He handed off the binocs to the young girl, and all three of the grown men were solicitous of her, each wanting to make sure she could focus the binocs and see the nest. And when they were assured that, yes, she did see the nest and the birds, they each took turns with the binocs, and made big smiles and little exclamations about how grande and beautiful, and we talked about how the cormorants are much smaller than the herons and they taught me their word for small – Pequeño.

A new bird for them, a new word for me, and for all on those two small boats that day I think, a new understanding of how the beauty of great blue herons can bridge the gaps between us.

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Thanks for the Daily Prompt nudge Michelle W. and WordPress.

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(This took place July 5, 2012)

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A selection of my heron and flower photos is now available at the Five Crows Gallery in Natick, MA. Drop in and see the work of the many wonderfully creative artists who show there when you’re in the area.

Five Crows is on FaceBook. To give the gallery a visit, please click here.

Remember: Walk softly and carry a long lens.™

The Tao of Feathers™

© 2013 Babsje. (https://babsjeheron.wordpress.com)

Great Blue Heron, Kayaking

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Posted on July 17, 2013, in ardea herodias, Art, Birds, daily prompt, Great Blue Heron, Nature, Photography, Photography challenge, postaday, Weekly Challenge, Weekly Photo Challenge, Wildlife Photography and tagged , , , . Bookmark the permalink. 17 Comments.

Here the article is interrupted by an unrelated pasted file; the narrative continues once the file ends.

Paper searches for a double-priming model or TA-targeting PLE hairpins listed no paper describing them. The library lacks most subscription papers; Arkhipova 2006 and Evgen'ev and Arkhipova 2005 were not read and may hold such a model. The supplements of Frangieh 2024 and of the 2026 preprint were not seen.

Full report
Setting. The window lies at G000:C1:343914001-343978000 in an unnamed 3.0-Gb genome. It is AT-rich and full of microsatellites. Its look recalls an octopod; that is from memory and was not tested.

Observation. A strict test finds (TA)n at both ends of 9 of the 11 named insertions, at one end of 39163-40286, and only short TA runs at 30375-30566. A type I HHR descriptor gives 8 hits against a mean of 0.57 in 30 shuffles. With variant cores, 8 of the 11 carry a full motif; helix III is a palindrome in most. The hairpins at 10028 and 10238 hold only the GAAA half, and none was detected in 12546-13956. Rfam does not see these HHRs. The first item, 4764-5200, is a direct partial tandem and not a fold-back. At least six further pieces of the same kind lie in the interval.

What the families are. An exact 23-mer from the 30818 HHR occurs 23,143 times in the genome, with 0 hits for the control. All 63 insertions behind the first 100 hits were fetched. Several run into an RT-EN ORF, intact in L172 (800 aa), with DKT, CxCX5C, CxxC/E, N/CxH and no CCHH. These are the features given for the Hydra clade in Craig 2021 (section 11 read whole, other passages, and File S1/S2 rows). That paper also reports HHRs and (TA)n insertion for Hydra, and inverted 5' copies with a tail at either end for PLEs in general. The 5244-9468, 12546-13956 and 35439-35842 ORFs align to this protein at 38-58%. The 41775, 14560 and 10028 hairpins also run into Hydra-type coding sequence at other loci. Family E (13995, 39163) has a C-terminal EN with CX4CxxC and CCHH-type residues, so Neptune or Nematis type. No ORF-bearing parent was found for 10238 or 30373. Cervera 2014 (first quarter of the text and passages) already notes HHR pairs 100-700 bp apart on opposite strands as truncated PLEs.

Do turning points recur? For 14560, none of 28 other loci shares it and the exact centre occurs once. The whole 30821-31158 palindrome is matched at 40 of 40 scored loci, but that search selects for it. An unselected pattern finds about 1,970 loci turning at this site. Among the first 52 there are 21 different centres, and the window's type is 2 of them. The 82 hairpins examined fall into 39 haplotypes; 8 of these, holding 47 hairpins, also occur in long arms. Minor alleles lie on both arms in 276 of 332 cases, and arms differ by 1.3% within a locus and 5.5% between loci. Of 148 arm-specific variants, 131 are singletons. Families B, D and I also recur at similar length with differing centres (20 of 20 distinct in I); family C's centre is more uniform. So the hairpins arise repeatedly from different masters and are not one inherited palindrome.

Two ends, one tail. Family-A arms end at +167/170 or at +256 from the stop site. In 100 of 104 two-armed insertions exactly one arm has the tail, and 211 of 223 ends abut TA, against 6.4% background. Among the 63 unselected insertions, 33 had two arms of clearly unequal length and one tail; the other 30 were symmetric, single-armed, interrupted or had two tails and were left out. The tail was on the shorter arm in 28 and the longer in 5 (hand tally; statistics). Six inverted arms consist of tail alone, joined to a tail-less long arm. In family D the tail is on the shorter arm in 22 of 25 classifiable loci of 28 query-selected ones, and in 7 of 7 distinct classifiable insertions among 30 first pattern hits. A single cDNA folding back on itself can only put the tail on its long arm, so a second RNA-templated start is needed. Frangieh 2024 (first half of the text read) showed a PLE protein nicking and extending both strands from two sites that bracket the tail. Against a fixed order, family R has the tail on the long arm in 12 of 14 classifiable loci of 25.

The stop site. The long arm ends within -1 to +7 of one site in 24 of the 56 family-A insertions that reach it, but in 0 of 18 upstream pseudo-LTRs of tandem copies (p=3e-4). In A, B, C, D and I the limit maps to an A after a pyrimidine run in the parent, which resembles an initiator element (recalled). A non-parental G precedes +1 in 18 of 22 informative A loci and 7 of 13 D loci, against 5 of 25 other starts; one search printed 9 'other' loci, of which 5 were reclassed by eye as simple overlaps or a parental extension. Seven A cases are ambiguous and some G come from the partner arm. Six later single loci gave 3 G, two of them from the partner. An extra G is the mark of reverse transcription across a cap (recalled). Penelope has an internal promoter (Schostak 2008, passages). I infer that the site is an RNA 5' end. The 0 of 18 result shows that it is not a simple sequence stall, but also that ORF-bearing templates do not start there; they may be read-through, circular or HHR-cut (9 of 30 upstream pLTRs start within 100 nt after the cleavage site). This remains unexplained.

1. I’ve seen them doing this. So bizarre looking, aren’t they?!

    • Yes, they’re fascinating! They do this to keep cool – anhingas do this as well – and it’s really neat to see the chicks in the nest doing it, too.

  2. This is a great piece of writing, Babsje – the tension of suspicion – the final goodwill exchange.

    • Thank you for saying that. It was a very intense experience, the scintilla of fear that I felt at first melted as the men showed their solicitousness towards the young girl, teaching her how to use the binocs, and their obvious joy at seeing the baby herons in the nest. It was a great day.

  3. What a lovely tale and a great outcome. I remember the first time I saw a cormorant (or anhinga?) airing out its armpits in Florida. I didn’t recognize the bird at that time, but looked it up when I got home to Utah. They look so comical when they do that. These days I see them quite frequently living on the Oregon coast.

    • Thanks for the kind words and the follow. It was a very happy experience, rewarding for us all. Cormorants are iconic when they cool their wings, aren’t they? And anhingas are beautiful,too. Glad to have met you via your blog.

  4. Your captures and captions are fabulous!